So you have been breached, what now?

So you have been breached, what now?
By: Gene Ng, IBM ASEAN Security Lead

Hackers are no longer lone wolves. 80% of today’s cyberattacks are driven by highly organized crime rings in which data, tools and expertise are widely shared.
Gene Ng
IBM ASEAN Security Lead

From 2015 to 2016, the IBM X-Force Threat Intelligence Index reported a dramatic 566% increase of records compromised. In 2016 alone, there were more than four billion records leaked with the average organization experiencing more than 54 million security events.

This makes the need for trusted threat intelligence and incident response greater than ever. It is no longer a matter of if a security breach will happen, but rather, when will it happen and how will you respond to it. However, the reality is that 75% of organizations surveyed do not even have a modern incident response plan in place and 66% are not confident in their organization's ability to respond to a cyberattack.

According to the IBM & Ponemon Institute Study, the average time an organization took to identify a breach was estimated at 201 days while the average time to contain a breach was estimated at 70 days.

This is a huge issue considering that slow response can impact the cost of a breach. Incidents that take longer than 30 days to contain cost are estimated to incur $1 million more than those contained within 30 days.

If you suspect your company’s security has been compromised, here are 5 fundamental steps to guide you along in incident response:

1.     Acknowledge and then Act – The first step of incident response is acknowledging that a security breach has happened. Many companies waste valuable time coming to terms that a breach has happened, resulting in substantial loss of data and money. Remember that the sooner you act, the lower the casualty cost.

2.     Check the damage – Access the severity of the breach. Scan your system and networks for any affected endpoint(s) so that you can take immediate actions against threats and/or monitor your digital assets for any indicators of compromise. Using a security information and event management tool will also give you a good idea of the degree of penetration and severity and where the loopholes lie. Decisions like whether to restore your system or rebuild it will be dependent on the severity of the attack and whether your back-ups have been affected.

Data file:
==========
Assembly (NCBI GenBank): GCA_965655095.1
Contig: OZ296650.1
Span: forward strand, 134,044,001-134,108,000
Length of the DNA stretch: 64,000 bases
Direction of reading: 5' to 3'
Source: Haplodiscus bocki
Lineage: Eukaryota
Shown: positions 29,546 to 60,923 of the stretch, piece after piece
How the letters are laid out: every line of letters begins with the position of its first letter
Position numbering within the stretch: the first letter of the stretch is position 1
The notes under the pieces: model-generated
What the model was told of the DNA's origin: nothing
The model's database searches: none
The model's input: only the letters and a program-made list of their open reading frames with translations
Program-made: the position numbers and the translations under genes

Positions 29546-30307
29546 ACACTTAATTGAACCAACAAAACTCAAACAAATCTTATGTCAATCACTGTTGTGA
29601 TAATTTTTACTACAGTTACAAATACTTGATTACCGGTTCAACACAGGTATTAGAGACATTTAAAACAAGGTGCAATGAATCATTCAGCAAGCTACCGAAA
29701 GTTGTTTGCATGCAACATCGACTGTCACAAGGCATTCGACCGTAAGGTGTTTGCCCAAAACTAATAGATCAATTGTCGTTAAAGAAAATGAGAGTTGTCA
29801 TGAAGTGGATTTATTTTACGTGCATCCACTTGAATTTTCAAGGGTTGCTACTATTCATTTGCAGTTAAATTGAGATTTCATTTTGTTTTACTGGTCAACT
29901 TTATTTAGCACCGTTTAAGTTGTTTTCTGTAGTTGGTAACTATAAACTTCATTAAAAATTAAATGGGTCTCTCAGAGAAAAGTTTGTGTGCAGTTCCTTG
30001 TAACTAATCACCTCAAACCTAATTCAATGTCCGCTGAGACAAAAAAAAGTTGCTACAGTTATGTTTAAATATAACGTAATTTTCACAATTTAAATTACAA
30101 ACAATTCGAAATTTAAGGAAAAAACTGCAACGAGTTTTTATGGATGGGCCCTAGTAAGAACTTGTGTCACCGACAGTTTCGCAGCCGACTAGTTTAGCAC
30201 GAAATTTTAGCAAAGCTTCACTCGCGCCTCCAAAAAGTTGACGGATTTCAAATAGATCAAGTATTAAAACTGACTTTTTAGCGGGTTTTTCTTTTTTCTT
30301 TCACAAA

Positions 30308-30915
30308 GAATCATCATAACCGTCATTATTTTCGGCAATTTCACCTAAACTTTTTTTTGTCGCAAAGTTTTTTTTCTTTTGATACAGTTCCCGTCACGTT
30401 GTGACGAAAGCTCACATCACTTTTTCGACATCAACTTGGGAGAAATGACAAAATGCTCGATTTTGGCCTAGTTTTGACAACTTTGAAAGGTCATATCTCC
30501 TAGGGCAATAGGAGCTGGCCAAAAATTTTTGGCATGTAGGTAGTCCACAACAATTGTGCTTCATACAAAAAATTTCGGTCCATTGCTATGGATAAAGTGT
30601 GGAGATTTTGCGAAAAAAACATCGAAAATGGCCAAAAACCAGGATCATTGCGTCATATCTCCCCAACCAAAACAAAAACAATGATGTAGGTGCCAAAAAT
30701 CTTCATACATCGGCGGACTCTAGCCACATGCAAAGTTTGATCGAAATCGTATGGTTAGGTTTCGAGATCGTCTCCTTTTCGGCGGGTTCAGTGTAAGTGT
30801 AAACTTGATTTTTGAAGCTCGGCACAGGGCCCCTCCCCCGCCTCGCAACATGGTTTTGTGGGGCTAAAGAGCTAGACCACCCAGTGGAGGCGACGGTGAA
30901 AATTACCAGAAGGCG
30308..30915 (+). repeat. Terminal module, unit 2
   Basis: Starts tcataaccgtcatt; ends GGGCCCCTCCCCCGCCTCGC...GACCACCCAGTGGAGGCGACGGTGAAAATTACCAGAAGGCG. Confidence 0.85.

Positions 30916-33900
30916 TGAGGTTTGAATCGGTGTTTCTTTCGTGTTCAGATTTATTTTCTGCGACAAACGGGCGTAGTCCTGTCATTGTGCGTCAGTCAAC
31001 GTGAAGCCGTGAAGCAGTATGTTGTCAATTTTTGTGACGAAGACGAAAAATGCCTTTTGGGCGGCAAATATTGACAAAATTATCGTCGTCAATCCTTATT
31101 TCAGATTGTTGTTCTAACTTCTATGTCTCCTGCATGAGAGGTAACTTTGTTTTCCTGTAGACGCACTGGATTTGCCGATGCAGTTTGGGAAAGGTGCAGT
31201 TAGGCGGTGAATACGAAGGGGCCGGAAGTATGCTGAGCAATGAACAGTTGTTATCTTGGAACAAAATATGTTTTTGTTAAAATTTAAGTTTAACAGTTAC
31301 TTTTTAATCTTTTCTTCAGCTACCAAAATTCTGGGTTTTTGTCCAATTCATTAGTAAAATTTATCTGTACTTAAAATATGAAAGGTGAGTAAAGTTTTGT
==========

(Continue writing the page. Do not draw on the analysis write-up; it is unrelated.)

3.     Remediation and Recovery – Timely response to an incident can mitigate the severity of the attack while ensuring faster recovery at the same time. Once your security team has identified the cause of breach, it is imminent that they contain the root of the problem to prevent follow-on breaches. Plugging in the vulnerabilities found in step 2 at the earliest with the help of specialists would ensure minimum loss for the affected organization.

4.     Communication – We tend to underestimate the power of communication and what it can do for you.  Maintaining open communication with your internal and external stakeholders can help to put things into perspective and provide an opportunity for you to educate your employees about cybersecurity awareness and prevention. On the flipside, failure to communicate with your stakeholders can lead to unwanted speculation.
5.     Review, review, review – After every episode of a security breach, it is important to revisit your incident response plan to evaluate how to further strengthen it. A good incident response plan will not only provide you a good framework on how to respond but also identify what has worked previously and what has not. This will help you develop a more robust plan for future.

Remember, prevention is always better than cure. A good immune system can help your company to nip potential threats in the bud and save valuable time, money and effort.

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